The present invention concerns an aqueous coating composition comprising a treated latex comprising polymer particles made from constituent monomers, wherein the treated latex is substantially free from residual components including unreacted monomers, volatile byproducts from the manufacturing of the monomers and latex, residual artifacts from the polymerizing process and the likes. Preferably, the residual components and preferably unreacted monomers are less than about 50 ppm, less than about 40 ppm, less than about 30 ppm, less than about 25 ppm, less than about 20 ppm or less than about 10 ppm. The treated latex is added to a pigment dispersion comprising one or more pigments selected from the group consisting of opacifying pigments, color pigments, and extender pigments. The aqueous coating composition optionally comprises one or more additives with de minimis volatile emissions selected from the group consisting of coalescence solvents, pH adjustors, surfactants, defoamers, dispersants, rheology modifiers, biocides, and preservatives. The synergistic combination of the treated latex, pigments, and additives produces an aqueous coating composition with de minimis volatile emissions and a Comparative Odor Intensity Index value of less than about 2.0. The aqueous coating composition may have de minimis volatile emissions if (i) the composition exhibits volatile emission values less than about 250 ppm, as measured according to headspace gas chromatography/mass spectrometry at about 70° C. or 120° C.; (ii) the composition comprises a color pigment and has a volatile emission factor of less than about 500 μg/m2·hr as measured according to ASTM D-5116 after a four hour period; or (iii) the composition does not comprise a color pigment and has a volatile emission factor of less than about 50 μg/m2·hr as measured according to ASTM D-5116 after a twenty-four hour period.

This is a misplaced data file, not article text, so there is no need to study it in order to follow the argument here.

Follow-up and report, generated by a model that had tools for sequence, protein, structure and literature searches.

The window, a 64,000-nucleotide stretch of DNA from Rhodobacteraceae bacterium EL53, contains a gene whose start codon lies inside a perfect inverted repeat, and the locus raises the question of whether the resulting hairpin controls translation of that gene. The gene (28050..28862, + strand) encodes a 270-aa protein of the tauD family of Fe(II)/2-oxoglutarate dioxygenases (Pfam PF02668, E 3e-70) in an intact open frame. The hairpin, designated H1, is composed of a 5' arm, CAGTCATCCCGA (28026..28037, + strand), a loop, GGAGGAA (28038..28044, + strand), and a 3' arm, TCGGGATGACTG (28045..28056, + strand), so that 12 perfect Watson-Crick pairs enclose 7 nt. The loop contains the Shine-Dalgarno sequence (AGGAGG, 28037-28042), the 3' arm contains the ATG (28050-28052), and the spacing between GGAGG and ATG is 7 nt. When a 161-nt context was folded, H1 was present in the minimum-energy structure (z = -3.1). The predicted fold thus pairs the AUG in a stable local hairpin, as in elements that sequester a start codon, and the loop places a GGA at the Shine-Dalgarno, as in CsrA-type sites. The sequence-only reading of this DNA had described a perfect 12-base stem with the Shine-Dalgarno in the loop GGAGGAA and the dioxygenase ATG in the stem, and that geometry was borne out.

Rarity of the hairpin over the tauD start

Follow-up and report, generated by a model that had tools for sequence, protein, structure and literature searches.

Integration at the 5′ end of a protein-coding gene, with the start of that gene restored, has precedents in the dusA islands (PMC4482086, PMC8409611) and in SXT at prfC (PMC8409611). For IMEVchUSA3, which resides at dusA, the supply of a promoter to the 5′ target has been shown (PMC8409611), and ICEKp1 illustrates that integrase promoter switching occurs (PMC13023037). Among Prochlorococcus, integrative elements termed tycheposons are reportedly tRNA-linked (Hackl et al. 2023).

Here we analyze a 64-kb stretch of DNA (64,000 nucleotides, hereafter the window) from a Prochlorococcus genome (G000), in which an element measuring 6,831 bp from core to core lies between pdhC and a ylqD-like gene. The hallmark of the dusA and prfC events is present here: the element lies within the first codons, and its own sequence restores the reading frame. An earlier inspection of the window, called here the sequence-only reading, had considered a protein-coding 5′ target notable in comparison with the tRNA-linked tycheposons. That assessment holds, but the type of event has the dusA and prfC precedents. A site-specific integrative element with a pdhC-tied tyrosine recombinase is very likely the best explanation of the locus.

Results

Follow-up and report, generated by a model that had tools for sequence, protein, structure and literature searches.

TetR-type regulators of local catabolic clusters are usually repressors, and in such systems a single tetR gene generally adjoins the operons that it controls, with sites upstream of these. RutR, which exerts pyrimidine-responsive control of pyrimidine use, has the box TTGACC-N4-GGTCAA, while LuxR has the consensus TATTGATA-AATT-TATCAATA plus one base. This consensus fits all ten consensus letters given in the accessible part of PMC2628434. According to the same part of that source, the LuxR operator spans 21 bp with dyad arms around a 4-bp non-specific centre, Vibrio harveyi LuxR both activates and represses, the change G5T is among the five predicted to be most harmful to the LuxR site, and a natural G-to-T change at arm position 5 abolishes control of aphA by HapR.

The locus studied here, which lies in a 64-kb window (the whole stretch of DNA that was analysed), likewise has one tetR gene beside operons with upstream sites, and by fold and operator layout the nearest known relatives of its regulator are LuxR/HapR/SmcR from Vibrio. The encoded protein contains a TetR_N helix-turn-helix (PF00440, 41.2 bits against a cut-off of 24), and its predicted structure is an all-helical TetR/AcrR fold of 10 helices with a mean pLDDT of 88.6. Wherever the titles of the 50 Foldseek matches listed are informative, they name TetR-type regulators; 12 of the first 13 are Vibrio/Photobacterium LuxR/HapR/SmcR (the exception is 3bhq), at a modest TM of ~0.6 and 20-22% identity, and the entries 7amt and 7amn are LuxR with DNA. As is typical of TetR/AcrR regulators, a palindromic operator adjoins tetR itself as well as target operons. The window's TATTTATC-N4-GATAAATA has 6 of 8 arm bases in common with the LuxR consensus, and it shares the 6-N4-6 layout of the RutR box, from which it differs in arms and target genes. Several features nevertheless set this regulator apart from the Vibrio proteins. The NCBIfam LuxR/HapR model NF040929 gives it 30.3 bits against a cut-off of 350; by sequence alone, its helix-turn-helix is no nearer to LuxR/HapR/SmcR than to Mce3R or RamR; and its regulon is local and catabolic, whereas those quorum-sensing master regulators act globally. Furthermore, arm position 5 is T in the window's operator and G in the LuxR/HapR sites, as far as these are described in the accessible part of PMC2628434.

• BRIEF DESCRIPTION OF THE DRAWINGS
  • [0010]
    In the accompanying drawings, which form a part of the specification and are to be read in conjunction therewith:
  • [0011]
    FIG. 1 is a bar graph plotting emission factor values, measured after 24 hours, for inventive and comparative untinted paints with a flat finish.
  • [0012]
    FIG. 2 is a graph plotting emission factor values, measured after 4 hours and 24 hours, for inventive and comparative tinted paints with an eggshell finish.
  • [0013]
    FIG. 3A is a bar graph plotting volatile emissions values detected by 70° C. headspace analysis for inventive and comparative paints with a flat finish. FIG. 3B is a bar graph plotting volatile emissions values detected by 120° C. headspace analysis for inventive and comparative paints with a flat finish.
  • [0014]
    FIG. 4 is a bar graph plotting volatile emissions values detected by 120° C. headspace analysis for inventive and comparative paints with an eggshell finish.
  • [0015]
    FIG. 5A is a bar graph plotting the aggregate Comparative Odor Intensity Index values for an inventive untinted paint and three comparative untinted paints with a flat finish. FIG. 5B is a graph plotting the aggregate Comparative Odor Intensity Index values for an inventive tinted paint and three comparative tinted paints with a flat finish.
  • DETAILED DESCRIPTION OF THE INVENTION
  • [0016]
    The present invention relates to an aqueous coating composition comprising a treated latex polymer dispersion that is substantially free from residual compounds, and that further comprises additives with low levels of volatile emissions. The latex polymer dispersion can be treated by various means, including stripping and chasing, to remove residual compounds, which can significantly contribute to paint odor. “Residual compounds” include, but are not limited to, unreacted monomers, volatile byproducts from the manufacturing of the monomers and latex, residual artifacts from the polymerizing process, such as tertiary butanol and the likes. Preferably, the unreacted monomers are less than about 50 ppm, more preferably less than about 40 ppm, more preferably less than about 30 ppm, more preferably less than about 25 ppm, more preferably less than about 20 ppm, more preferably less than about 15 ppm and even more preferably less than about 10 ppm or less than about 5 ppm. In an innovative aspect of the present invention, the synergistic combination of the treated latex with pigments and other additives results in an aqueous coating composition with de minimis volatile emissions, low odor, and paint performance comparable to premium latex paints.